Chang and Britta are equally serious in being a cop and a protester, even if they know deep down that they're not doing anything worthy of the name. We definitely don't take them seriously, Chang's badge goes: "How's my smile?", Britta when confronted admits that she will not do anything illegal, and the show adds another layer of artificiality by filming their scenes together as a rom-com, putting them on the same level and belonging together (the logical culmination and my favourite part being Chang carrying her out of the Model UN conference and Britta telling him she knew he'd come before spitting in his face).
And yet at no point are they not committed to the roles they have assigned themselves, officer Nunez eventually letting Chang indulge in his fantasy in order to help Britta avoid future potential trouble.
Annie and Jeff don't really know what they are doing, they know what they would want to do, but realise they can't. They keep pretending a relationship that now looks just as creepy if not more as the one they are avoiding (for the record, I'd personally be fine with them being together, or trying, however, with this episode, the show is now officially branding the possibility creepy).
Pretending is all well but at the end, reality needs to take control again.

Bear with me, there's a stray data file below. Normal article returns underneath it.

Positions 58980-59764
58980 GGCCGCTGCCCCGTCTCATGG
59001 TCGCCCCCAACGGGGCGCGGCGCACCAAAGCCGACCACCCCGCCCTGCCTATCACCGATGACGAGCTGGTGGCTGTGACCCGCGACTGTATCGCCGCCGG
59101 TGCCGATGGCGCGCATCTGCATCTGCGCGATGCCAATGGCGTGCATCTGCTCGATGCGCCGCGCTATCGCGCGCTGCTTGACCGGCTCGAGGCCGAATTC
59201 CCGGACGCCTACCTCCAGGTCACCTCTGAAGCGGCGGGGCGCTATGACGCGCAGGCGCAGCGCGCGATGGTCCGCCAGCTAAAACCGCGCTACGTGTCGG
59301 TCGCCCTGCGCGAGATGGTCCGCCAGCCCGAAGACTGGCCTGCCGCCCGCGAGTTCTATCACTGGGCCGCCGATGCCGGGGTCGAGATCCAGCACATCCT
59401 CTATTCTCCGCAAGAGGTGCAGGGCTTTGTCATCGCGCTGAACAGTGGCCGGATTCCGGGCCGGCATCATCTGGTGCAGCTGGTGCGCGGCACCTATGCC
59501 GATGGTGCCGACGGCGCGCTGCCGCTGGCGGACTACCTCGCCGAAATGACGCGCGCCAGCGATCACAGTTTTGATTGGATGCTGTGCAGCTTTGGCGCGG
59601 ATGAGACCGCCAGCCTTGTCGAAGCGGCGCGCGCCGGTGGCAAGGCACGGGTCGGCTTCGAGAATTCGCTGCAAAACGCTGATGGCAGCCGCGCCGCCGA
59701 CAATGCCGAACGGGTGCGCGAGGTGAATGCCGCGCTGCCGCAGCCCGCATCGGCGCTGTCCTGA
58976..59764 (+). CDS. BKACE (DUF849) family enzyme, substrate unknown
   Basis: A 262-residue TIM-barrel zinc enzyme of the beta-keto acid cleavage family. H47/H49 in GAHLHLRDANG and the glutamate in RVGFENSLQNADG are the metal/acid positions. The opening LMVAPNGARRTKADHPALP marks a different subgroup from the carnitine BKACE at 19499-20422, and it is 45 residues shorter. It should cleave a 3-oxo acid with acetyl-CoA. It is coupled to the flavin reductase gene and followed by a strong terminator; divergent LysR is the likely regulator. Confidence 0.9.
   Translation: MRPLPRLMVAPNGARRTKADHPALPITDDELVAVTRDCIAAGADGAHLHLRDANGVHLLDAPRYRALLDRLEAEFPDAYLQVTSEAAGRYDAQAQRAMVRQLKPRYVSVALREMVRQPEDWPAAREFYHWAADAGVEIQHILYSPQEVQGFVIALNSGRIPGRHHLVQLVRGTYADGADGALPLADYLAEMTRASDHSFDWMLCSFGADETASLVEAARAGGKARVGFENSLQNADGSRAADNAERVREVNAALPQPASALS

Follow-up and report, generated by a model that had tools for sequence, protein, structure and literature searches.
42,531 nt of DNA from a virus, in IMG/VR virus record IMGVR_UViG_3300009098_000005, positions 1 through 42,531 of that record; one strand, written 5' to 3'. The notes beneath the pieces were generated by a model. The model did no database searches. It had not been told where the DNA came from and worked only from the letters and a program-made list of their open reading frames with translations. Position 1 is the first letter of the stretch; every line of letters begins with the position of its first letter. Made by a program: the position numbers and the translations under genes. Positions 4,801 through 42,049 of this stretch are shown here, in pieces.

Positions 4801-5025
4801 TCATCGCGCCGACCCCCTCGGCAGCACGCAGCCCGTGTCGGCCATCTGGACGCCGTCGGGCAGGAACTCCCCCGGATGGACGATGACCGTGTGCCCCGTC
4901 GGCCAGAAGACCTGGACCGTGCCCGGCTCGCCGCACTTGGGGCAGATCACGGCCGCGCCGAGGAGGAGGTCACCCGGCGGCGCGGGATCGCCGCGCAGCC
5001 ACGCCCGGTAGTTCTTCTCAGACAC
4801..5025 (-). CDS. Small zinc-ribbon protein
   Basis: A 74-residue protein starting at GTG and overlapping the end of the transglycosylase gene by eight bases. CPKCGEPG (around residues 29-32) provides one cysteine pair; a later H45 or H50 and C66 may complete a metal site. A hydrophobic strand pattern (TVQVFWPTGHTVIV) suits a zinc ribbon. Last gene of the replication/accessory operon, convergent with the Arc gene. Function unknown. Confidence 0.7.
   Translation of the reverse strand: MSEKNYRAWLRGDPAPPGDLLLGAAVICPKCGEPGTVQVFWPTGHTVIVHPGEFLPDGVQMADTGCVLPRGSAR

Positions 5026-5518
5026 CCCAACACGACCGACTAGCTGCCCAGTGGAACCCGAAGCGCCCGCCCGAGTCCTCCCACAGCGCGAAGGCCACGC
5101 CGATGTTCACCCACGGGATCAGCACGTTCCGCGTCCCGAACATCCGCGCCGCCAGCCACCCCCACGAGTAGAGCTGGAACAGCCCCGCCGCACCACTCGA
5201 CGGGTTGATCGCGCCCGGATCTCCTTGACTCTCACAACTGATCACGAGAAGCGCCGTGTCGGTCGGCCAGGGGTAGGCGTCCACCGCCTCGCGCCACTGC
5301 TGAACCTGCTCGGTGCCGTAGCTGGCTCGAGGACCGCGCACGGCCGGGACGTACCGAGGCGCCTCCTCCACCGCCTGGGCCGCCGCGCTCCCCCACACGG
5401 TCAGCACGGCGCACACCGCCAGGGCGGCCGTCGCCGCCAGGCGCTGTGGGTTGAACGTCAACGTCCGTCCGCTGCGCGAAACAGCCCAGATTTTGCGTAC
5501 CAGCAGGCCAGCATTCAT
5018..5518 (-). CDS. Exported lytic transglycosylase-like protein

Every story line is resolved by reality getting its due. Cligoris declares Annie the winner of the UN-off because her team's actions are more compatible with reality than Asian Annie's decision that remains consistent with the made-up rules of the model UN-off.
The Chang/Britta episode ends with Chang actually getting to use some force in order for Britta to realise the implications of her actions.
And Jeff and Annie realise that pretending that nothing has changed compared to when they first met is no longer possible. For them, right now, reality is normalising/denying their relationship, in spite of Annie's initial plea to keep the pretense.
All in all an episode I very much enjoyed, it gives a nice recap on some of the characters, which is probably to be expected for the second episode of the season. And in line with the show in general, no matter how silly things get, we are never in a fantasy world, we are always dealing with people, and actions have consequences.
Stray Obversations (comedic highlights):
Pr. Cligoris interrupting the argument between the Annies regarding Jeff to refocus the conversation to what really matters: the Model UN
Pierce's praise of Somalia
"Now that made me sound creepy. But here's the thing…"
"The science checks out"
"Uruguay kindly requests that Somalia stops calling it Ur-a-Gay"
More random notes about Jeff and Annie: rather interestingly, the commentary seemed to think that that focus on their relationship came from pretty much nowhere, I don't necessarily agree as there's been signs (if not more) before, it was however apparently an attempt to close that chapter, that clearly didn't work like that, if only because the following three episodes will still mention or at least hint at a relationship.
I don't necessarily have wishes for them to go with it or not, the hesitation is also believable, I'm sure the creative team will do what feels right for them and we can judge then. But I wish they didn't make such an issue of the age difference, it's there, it also happens in real life, Annie is now in her twenties (not to mention that Alison Brie looks nothing like Annie's age), and while still immature in some respects, she is a bit more together than Jeff.